PHILADELPHIA — The Centers for Medicare and Medicaid Services (CMS) announced today that two projects submitted from the University of Pennsylvania Health System (UPHS) have been selected among a competitive review for funding through the Health Care Innovation Awards. Made possible by the Affordable Care Act — the awards will support 81 innovative projects nationwide that will save money, deliver high quality medical care and enhance the health care workforce.
The first project, submitted by David Asch, MD, MBA and Kevin Volpp, MD, PhD, of the Department of Medicine, Leonard Davis Institute and the UPHS Innovation Center, will focus on improving medication adherence and health outcomes in post-discharge patients who are recovering from acute myocardial infarctions in metropolitan Philadelphia and adjoining areas of New Jersey. The project, titled "A rapid cycle approach to improving medication adherence through incentives and remote monitoring for coronary artery disease patients," will increase medication adherence through telemonitoring and a visual and audible "reminder" system. It will also retrain social workers as engagement advisors to monitor adherence, offer incentives, and enlist patient support from family and friends. The result will be improved health outcomes and lower cost. The $4.8 million dollar-funded program will train an estimated 21 workers, while creating an estimated seven jobs. The project is estimated to save CMS $2.7 million.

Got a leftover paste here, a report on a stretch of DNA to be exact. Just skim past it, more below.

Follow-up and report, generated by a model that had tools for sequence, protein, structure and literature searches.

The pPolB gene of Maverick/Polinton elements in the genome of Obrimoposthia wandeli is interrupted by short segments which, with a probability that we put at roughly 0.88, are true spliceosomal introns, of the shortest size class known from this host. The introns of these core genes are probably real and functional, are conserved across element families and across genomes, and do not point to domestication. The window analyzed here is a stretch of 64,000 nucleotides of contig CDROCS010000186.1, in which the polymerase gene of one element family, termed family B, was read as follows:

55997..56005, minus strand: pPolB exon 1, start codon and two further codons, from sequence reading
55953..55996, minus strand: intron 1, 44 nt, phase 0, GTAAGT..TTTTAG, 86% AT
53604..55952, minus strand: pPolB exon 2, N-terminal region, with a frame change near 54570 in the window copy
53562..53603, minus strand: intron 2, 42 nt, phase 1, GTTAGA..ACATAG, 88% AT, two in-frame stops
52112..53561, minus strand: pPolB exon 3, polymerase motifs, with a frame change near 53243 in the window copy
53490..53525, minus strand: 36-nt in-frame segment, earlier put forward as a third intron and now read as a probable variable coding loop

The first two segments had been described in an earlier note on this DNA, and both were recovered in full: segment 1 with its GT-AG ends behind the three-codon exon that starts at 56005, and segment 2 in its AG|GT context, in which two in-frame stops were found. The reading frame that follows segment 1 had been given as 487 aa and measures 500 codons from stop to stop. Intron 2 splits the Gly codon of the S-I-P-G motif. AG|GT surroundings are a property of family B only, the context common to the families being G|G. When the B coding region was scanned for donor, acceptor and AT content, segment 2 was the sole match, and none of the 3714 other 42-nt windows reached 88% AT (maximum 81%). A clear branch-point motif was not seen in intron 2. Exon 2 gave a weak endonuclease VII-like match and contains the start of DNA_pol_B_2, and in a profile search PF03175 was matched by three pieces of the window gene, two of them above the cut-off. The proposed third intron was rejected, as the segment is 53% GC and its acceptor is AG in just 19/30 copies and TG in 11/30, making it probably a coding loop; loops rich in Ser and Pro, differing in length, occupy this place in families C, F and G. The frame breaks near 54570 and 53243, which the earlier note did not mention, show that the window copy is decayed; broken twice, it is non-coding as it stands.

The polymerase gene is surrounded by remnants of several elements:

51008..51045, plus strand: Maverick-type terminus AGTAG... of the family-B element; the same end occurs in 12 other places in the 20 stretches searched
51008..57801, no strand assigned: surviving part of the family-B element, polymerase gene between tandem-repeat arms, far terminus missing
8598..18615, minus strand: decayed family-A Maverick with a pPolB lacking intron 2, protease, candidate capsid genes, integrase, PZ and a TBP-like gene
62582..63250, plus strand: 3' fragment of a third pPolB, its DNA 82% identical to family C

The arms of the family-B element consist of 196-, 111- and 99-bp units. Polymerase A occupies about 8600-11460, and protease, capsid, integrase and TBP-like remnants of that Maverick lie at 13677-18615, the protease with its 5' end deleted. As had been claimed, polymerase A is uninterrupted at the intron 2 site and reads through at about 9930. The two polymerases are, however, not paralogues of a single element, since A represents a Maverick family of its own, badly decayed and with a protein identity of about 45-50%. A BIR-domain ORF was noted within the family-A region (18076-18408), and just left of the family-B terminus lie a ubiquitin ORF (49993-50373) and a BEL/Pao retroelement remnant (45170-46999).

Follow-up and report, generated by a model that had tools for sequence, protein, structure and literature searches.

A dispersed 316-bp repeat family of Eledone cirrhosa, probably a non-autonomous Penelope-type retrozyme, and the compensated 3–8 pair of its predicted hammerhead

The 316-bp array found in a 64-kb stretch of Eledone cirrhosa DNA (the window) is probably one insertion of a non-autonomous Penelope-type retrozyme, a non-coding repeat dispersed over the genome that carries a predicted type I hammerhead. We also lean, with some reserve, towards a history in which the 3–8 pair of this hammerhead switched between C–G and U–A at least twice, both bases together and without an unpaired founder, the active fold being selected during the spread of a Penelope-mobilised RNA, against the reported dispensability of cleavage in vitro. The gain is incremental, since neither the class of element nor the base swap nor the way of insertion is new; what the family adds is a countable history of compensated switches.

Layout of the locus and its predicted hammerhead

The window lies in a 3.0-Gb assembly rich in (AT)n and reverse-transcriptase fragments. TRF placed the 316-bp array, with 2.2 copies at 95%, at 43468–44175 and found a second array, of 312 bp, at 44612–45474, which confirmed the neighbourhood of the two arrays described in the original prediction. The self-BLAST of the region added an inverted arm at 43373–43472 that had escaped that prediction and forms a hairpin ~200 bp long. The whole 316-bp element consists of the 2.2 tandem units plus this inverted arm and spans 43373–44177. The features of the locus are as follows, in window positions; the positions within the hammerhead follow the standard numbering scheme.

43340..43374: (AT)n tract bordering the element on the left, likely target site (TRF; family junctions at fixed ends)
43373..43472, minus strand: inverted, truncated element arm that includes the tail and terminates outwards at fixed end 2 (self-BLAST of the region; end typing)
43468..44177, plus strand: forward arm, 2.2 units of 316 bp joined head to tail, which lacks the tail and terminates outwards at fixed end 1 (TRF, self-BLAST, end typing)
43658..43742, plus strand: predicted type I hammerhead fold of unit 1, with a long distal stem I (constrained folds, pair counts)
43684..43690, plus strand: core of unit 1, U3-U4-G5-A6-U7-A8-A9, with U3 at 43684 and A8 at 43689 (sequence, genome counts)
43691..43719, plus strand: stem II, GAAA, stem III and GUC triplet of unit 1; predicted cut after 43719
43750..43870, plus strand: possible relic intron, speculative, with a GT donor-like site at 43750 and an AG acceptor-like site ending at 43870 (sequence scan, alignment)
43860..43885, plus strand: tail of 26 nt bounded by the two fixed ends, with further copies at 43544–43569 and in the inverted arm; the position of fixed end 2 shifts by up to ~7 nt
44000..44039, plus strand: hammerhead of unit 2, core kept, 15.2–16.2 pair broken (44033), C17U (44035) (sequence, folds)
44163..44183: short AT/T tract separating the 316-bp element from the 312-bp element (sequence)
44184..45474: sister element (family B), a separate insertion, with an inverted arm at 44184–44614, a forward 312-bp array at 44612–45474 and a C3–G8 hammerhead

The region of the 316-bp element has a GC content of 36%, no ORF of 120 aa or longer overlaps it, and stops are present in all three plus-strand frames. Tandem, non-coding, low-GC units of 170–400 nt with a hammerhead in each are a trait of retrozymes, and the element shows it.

The second project, submitted by David Casarett, MD, chief medical officer for Penn Wissahickon Hospice, will test a comprehensive set of home care services for Medicare and/or Medicaid beneficiaries with advanced cancer who are receiving skilled home care and have substantial palliative care needs, but are not yet eligible for hospice care. The "Comprehensive longitudinal advanced illness management (CLAIM)" program will serve five counties in the metropolitan Philadelphia area. Using care coordination and planning, the intervention will provide in-home support, symptom management, crisis management, and emotional and spiritual support for beneficiaries with advanced cancer, enabling them to remain in their homes and avoid unnecessary and undesirable hospitalizations. The $4.3 million dollar-funded program will create an estimated 16 jobs, train 64 workers. The project is estimated to save CMS over $9.4 million.
Awardees were chosen for their innovative solutions to the health care challenges facing their communities and for their focus on creating a well-trained health care workforce that is equipped to meet the need for new jobs in the 21st century health system. The Bureau of Labor Statistics projects the health care and social assistance sector will gain the most jobs between now and 2020. The Center for Medicare and Medicaid Innovation within the Centers for Medicare & Medicaid Services at HHS administers the awards through cooperative agreements over three years.
For more information, see the CMS website.